Sales Tax On Monthly Spending
This table shows the additional amount of money residents would pay in a year if the sales tax is increased by 3 percentage points, based on the amount of money they spend in a month.
Amount spent each month • Taxes paid in 1 Year • 2 Years • 5 Years
$1,000 • $360 • $720 • $1,800
$1,500 • $540 • $1,080 • $2,700
$2,000 • $720 • $1,440 • $3,600
$2,500 • $900 • $1,800 • $4,500
$3,000 • $1,080 • $2,160 • $5,400
$3,500 • $1,260 • $2,460 • $6,300
$4,000 • $1,440 • $2,880 • $7,200
Source: Times Free Press calculations
DALTON, Ga. — Death and taxes may be certain, but the plethora of tax options Whitfield County residents face over the next year could come down to any number of unknown combinations.
If none of the options passes, the county would collect a 5 percent sales tax next year. If all of them pass, the sales tax will be 8 percent. The current tax is 6 percent, with 4 percent going to the state, 1 percent to Whitfield County and Dalton school systems and 1 percent split among the county and four towns.
Voters likely will be asked to vote on three 1 percent sales tax referendums. A 1 percent education tax will be on the ballot in November. County officials have indicated they likely will place a 1 percent special purpose tax on the same ballot, and a regional transportation tax is set for a vote in July 2012.
Each 1 percent tax brings in about $16 million to $17 million in revenue every year, or about $500 per county resident for all three taxes.
Next year, the city and county will renegotiate the split of the 1 percent local option sales tax. City officials say they deserve a greater split; the county disagrees. If the city wins any concessions, it will place even more pressure on a county government already struggling to meet its budget.
“The main issue is the complexity of the decisions that have to be made,” said Brian Anderson, president of the Greater Dalton Chamber of Commerce. “In general most people like the vehicle of the [special local option sales tax], but there is so much concern about the economy. It seems there is a lot of confusion among the voters — they will need to educate themselves [about] what this means.”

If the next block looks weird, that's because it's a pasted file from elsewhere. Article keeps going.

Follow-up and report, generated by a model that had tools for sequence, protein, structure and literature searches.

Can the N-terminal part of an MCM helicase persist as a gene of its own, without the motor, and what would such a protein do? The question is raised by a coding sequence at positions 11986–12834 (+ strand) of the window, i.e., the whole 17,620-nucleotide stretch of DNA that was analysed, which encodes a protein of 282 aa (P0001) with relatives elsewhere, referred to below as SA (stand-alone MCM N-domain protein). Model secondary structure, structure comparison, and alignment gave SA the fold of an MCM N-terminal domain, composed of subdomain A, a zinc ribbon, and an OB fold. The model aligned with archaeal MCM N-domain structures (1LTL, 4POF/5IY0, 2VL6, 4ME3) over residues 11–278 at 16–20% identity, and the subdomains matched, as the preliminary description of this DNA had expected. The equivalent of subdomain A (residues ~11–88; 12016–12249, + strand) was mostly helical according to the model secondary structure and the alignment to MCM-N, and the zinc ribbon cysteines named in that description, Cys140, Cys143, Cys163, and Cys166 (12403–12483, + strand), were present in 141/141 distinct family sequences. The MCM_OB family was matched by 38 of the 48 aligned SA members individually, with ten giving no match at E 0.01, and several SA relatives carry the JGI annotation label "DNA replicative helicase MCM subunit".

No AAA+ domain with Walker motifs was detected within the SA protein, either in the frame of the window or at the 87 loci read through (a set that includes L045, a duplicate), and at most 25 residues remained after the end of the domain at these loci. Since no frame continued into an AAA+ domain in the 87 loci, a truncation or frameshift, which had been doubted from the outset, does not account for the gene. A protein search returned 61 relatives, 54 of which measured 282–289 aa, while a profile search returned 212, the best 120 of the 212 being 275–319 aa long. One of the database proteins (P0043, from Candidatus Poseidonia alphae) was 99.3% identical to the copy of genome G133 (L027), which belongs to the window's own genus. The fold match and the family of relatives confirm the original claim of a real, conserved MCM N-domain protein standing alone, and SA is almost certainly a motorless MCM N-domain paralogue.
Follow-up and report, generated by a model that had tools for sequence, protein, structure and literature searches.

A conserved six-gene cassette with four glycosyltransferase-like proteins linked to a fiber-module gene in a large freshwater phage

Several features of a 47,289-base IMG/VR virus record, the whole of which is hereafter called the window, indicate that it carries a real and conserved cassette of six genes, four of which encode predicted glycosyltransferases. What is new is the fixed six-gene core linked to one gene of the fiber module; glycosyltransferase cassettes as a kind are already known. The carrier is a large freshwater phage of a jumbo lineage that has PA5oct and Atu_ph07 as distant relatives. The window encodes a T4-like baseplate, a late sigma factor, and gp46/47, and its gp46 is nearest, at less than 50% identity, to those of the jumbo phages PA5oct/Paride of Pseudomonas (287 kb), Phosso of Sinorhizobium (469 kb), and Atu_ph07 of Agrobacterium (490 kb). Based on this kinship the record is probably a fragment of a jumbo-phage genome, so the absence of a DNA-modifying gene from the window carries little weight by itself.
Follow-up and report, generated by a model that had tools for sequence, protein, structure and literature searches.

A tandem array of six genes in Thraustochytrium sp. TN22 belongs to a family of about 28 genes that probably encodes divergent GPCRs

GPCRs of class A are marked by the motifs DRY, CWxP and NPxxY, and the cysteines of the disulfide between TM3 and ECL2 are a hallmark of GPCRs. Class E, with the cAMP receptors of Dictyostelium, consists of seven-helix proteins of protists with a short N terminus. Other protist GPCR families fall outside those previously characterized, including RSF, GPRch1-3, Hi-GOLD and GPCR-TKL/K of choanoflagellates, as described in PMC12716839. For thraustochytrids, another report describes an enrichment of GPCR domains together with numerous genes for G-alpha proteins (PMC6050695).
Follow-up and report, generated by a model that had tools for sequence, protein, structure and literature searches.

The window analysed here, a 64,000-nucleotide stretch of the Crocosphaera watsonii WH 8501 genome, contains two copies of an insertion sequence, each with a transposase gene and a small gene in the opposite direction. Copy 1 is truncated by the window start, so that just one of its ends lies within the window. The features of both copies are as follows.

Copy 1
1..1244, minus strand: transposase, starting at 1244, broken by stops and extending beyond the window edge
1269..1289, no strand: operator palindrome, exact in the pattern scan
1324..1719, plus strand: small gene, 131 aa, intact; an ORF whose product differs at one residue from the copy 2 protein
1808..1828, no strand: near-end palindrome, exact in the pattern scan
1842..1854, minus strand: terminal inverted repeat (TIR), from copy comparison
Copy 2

In the last few weeks, anti-tax and pro-tax advocates have squared off, and the battle is likely to become more heated in the days before the election. Dalton Mayor David Pennington vehemently opposes any tax increases, saying the economy is too fragile to support more taxes. Other city leaders and some residents support him.
The leaders of the two school systems and the county government say they need the money, and the sales tax is the least painful way to raise that money. Bringing in the same amount of money through property taxes would mean the county would have to more than double its millage rate, they say. The Whitfield County millage rate is one of the lowest in the state.
During a meeting to discuss the county sales tax, Pennington argued that adding taxes to the county’s fragile economy would be devastating. Since the beginning of the recession, Whitfield County has struggled with some of the highest unemployment numbers in the state. In June those numbers ticked up to 12.1 percent, compared with 11 percent the previous month.
“It is no time to put on an extra tax, it is time to reduce them,” Pennington said.
According to Pennington, lowering Whitfield County’s sales tax to 5 percent would attract businesses and shoppers to the area. Surrounding Georgia counties have a 7 percent sales tax and Hamilton County has a 9.5 percent sales tax.
Anderson said it is unclear how much effect a lower sales tax would have on the county.
“In a lot of cases, people shop where they want to, regardless of sales tax,” he said. “I do believe there are those out there who have to look at every single penny and, if they are paying more for their grocery bill, it may make a difference. It certainly sounds appealing to say we have a 5 percent sales tax.”
Anderson said he is concerned that one entity may call for a tax but the money has to be divided with other government agencies that may not need the tax. For example, Dalton school officials expanded Dalton High School with money from the education tax in effect, Anderson noted. However, more students are choosing to attend the alternative Morris Innovative High School, and school officials now say they need money to revamp that school.
Meanwhile, Dalton High School is not filled to capacity.
“Some of these things are not as well thought out as they could be,” Anderson said. “One group may need the money, but it turns into a slush fund for another. It is not being a good steward of very limited tax dollars.”
School officials and county leaders argue that the benefits to taxpayers are worth the small additional tax.
“I realize it is a regressive tax,” Whitfield County Chairman Mike Babb said. “But it is by far the easiest way to raise a large amount of money.”